The leading characteristic of the Lebanese, and of the Beirutis in particular, has always been their enterprise, as merchants, traders, speculators. The enterprise is still there, as one always felt it would be, even in the darkest days of the civil war or during the Israeli siege. It is reflected in a hundred ways, some of them admirable, others deplorable. One of those evidences is the rush to replace, without planning and with the cheapest materials, buildings lost in the war.
The results confront you in many parts of the city, still more in the suburbs and along the coastal approaches from north and south. The fact is that until recently -- the civil war was brought to an end just seven years ago -- there was an almost total lack of discipline in town planning, with no regard for aesthetic or environmental considerations.
There's no disguising the consequences, but once again it seems the lesson has been learned. It won't be possible to undo much of the jerry-building that has disfigured some of the residential districts. But strict controls and a detailed plan are in place for the reconstruction of the historic center of what, when I first knew it, was the business capital of the Middle East.
Of course, this huge plan for urban redevelopment has been entrusted to a single construction company, named Solidere, which is the creation of Prime Minister Elias Hrawi. But Solidere, alone in Lebanon, has the resources and trained manpower to undertake a program estimated to embrace 445 acres in the heart of Beirut.
When the company was formed three years ago and the public was invited to bid for shares, the goal of $650-million was oversubscribed by almost 50 percent. Stock-ownership priority was given to those who had owned property in the area to be rebuilt, and after them to Lebanese individuals and companies.
The redevelopment area, so recently a battleground of rival militias, now is acres of rubble, or open space from which the rubble has been cleared, alongside a number of fine old buildings that the surveyors have decided can be restored. The rubble is being carted away in a seemingly endless line of trucks and dumped in the sea to provide 140 acres of reclaimed land, which will allow less density and more parks and open spaces than existed in old Beirut.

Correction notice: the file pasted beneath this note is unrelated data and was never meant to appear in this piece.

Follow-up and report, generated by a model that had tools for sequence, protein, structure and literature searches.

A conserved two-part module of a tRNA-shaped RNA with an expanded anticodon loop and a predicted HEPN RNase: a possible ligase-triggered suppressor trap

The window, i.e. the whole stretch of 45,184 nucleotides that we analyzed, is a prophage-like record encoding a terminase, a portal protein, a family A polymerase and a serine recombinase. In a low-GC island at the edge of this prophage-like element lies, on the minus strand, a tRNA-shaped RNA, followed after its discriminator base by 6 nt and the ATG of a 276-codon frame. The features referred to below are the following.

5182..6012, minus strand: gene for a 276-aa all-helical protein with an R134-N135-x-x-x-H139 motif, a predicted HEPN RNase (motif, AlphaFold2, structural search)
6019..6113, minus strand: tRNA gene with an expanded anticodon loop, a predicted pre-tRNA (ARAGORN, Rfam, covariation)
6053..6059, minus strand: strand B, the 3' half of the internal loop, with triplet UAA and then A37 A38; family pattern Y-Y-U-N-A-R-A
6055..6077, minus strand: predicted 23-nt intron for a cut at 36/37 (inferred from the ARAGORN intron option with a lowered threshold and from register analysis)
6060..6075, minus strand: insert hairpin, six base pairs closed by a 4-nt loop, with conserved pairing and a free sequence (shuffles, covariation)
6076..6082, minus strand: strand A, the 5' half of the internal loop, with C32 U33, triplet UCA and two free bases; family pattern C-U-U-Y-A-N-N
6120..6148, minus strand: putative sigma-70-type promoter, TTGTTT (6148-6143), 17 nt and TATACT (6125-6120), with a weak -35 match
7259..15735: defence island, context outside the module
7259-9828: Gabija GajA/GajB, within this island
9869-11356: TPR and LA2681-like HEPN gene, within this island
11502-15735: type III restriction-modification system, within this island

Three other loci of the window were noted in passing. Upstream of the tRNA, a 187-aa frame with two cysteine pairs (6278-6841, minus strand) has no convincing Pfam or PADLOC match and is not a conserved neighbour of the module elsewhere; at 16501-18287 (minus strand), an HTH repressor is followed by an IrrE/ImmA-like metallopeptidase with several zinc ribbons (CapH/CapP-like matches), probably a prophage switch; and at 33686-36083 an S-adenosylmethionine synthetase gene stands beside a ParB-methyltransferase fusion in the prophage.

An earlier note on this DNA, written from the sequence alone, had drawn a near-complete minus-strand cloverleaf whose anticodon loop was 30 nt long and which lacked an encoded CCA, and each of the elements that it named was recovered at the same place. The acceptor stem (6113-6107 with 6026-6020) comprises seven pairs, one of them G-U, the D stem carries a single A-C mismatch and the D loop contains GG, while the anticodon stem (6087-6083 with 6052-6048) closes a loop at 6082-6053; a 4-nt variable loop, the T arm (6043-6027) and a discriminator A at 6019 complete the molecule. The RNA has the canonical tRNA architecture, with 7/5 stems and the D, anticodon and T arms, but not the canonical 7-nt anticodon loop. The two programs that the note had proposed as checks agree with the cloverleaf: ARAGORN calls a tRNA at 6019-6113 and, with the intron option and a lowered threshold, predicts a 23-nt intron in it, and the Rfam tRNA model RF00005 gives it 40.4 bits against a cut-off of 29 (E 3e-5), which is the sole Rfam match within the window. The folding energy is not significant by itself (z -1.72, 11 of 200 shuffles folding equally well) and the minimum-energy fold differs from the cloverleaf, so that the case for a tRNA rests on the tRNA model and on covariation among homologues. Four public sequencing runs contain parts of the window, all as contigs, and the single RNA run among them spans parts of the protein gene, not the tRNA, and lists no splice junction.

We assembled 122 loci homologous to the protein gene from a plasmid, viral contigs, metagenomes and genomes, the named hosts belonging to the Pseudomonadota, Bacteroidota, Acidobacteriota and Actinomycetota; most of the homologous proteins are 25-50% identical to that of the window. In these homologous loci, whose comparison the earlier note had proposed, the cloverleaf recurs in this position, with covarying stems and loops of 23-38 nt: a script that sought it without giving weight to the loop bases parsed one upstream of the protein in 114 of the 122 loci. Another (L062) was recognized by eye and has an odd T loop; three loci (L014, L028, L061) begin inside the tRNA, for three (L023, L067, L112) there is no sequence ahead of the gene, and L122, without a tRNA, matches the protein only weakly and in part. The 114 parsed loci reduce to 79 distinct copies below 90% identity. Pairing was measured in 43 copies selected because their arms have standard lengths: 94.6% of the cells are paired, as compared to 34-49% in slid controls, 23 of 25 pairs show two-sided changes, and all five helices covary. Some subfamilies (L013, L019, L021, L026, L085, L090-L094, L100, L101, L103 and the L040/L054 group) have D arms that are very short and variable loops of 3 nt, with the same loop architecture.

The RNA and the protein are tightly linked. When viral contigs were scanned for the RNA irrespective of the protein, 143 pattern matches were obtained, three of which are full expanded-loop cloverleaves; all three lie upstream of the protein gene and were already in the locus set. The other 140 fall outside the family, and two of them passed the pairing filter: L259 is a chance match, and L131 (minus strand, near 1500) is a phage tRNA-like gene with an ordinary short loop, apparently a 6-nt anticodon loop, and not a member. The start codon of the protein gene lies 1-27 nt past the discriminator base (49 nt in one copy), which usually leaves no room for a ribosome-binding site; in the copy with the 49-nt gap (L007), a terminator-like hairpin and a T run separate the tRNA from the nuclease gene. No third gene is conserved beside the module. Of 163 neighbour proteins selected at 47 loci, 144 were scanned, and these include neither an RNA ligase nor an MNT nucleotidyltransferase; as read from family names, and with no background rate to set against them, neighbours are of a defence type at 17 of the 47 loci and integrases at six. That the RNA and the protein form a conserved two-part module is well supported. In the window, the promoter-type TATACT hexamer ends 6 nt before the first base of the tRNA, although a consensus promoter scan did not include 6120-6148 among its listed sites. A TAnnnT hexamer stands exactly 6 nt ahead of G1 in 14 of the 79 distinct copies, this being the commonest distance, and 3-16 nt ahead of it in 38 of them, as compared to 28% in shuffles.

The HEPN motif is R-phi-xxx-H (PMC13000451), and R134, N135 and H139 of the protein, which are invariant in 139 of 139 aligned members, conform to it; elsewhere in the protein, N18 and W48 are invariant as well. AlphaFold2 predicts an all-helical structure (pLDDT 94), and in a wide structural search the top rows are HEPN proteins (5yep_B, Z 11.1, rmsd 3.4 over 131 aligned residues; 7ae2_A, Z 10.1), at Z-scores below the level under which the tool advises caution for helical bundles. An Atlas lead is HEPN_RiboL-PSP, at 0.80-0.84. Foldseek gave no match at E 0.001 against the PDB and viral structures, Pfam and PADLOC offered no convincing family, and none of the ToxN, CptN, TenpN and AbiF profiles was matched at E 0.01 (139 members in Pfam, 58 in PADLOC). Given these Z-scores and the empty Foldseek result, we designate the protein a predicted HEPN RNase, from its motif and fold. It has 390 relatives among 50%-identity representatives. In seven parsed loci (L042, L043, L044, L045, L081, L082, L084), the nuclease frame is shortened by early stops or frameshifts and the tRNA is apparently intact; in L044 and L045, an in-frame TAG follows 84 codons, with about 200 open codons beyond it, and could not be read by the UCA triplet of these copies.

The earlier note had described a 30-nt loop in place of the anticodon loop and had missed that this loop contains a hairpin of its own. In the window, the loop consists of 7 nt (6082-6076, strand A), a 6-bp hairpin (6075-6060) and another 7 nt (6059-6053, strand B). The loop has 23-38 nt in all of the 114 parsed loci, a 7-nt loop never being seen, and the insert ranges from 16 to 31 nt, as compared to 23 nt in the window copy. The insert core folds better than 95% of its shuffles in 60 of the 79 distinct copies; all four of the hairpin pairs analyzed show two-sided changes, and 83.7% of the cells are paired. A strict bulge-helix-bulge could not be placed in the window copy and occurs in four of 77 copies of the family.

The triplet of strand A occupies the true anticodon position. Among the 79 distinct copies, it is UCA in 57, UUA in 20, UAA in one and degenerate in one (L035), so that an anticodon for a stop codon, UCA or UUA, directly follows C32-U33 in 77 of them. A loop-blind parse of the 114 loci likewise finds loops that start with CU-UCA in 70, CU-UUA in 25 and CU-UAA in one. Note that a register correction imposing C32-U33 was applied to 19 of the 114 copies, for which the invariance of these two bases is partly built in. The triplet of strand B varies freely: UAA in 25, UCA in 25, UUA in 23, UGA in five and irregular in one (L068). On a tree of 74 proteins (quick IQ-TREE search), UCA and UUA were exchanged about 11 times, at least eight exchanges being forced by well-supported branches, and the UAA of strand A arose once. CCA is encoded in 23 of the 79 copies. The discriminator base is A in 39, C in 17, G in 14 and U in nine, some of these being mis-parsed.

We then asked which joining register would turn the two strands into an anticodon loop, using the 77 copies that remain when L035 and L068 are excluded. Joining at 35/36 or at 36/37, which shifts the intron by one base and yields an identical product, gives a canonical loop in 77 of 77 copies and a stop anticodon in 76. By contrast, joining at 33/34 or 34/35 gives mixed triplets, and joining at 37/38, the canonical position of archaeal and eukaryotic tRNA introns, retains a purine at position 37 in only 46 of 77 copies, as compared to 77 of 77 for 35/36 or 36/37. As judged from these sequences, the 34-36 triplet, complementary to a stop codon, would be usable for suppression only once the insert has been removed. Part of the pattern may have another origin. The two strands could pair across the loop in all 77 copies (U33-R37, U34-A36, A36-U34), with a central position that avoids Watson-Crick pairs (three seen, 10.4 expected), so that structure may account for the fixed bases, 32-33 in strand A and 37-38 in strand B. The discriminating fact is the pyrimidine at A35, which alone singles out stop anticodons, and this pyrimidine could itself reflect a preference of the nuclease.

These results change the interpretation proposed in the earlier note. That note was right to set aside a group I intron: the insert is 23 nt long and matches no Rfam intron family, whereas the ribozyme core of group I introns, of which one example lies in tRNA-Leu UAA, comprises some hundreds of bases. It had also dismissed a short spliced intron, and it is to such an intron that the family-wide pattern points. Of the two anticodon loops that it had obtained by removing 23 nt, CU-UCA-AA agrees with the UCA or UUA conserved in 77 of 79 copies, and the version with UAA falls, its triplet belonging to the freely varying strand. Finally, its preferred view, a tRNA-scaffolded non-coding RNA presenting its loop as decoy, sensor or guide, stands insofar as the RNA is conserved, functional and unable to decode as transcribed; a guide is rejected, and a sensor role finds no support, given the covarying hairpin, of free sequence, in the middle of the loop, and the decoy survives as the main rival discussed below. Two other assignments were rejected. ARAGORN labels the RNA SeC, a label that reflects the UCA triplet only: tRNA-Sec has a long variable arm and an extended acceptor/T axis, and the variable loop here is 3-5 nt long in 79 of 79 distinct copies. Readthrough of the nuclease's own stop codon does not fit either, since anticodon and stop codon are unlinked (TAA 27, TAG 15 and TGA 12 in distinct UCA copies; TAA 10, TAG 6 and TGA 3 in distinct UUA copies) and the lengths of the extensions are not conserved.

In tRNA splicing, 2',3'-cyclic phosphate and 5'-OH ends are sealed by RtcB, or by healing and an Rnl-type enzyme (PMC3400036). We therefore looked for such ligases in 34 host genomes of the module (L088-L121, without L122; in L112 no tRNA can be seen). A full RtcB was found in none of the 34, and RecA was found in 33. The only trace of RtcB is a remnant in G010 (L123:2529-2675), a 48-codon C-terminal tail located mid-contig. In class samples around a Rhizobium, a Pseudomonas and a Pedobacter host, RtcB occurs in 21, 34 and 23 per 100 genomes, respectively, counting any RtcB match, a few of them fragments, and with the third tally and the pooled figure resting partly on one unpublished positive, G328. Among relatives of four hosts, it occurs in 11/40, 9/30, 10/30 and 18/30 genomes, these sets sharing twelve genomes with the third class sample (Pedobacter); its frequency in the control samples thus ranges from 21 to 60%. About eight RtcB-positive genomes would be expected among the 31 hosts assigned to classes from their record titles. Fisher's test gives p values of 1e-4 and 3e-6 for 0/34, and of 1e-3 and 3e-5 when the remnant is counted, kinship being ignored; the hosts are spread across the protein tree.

Conducted tours of the project, organized by Solidere, are becoming a principal tourist attraction. Just down the hill from the Grand Serail -- the fully restored seat of government from Ottoman times -- bulldozers uncovered an extensive complex of Roman baths, complete with the usual heating arrangements and a fine set of mosaics.
The Roman baths, along with other archaeological discoveries of Canaanite, Phoenician and Hellenistic periods, are to be protected in the wider reconstruction program. Once the restoration of this area, known as the Beirut Central District, is complete, the hope is that it will so impress the residents that they will insist upon the same degree of disciplined planning for the rest of their city. It will go against the grain, at least for the older generation of Beirutis, but it just might catch on.
There is a long way to go with this fascinating and challenging endeavor. For those of us who knew the place before the catastrophe -- you might call us the antediluvians -- the exciting prospect takes some of the sadness from our recollections.
For my wife and myself, there was an unexpected bonus of serendipity when we turned a corner by the shell of the Hotel St. Georges and gazed past a wasteland to see, gleaming white in the midst of desolation, the tiny church of All Saints. From there we had set out, 40 years earlier, to make our first married home in the little house by the sea. Freelance writer Michael Adams lives in England.
Originally published August 10, 1997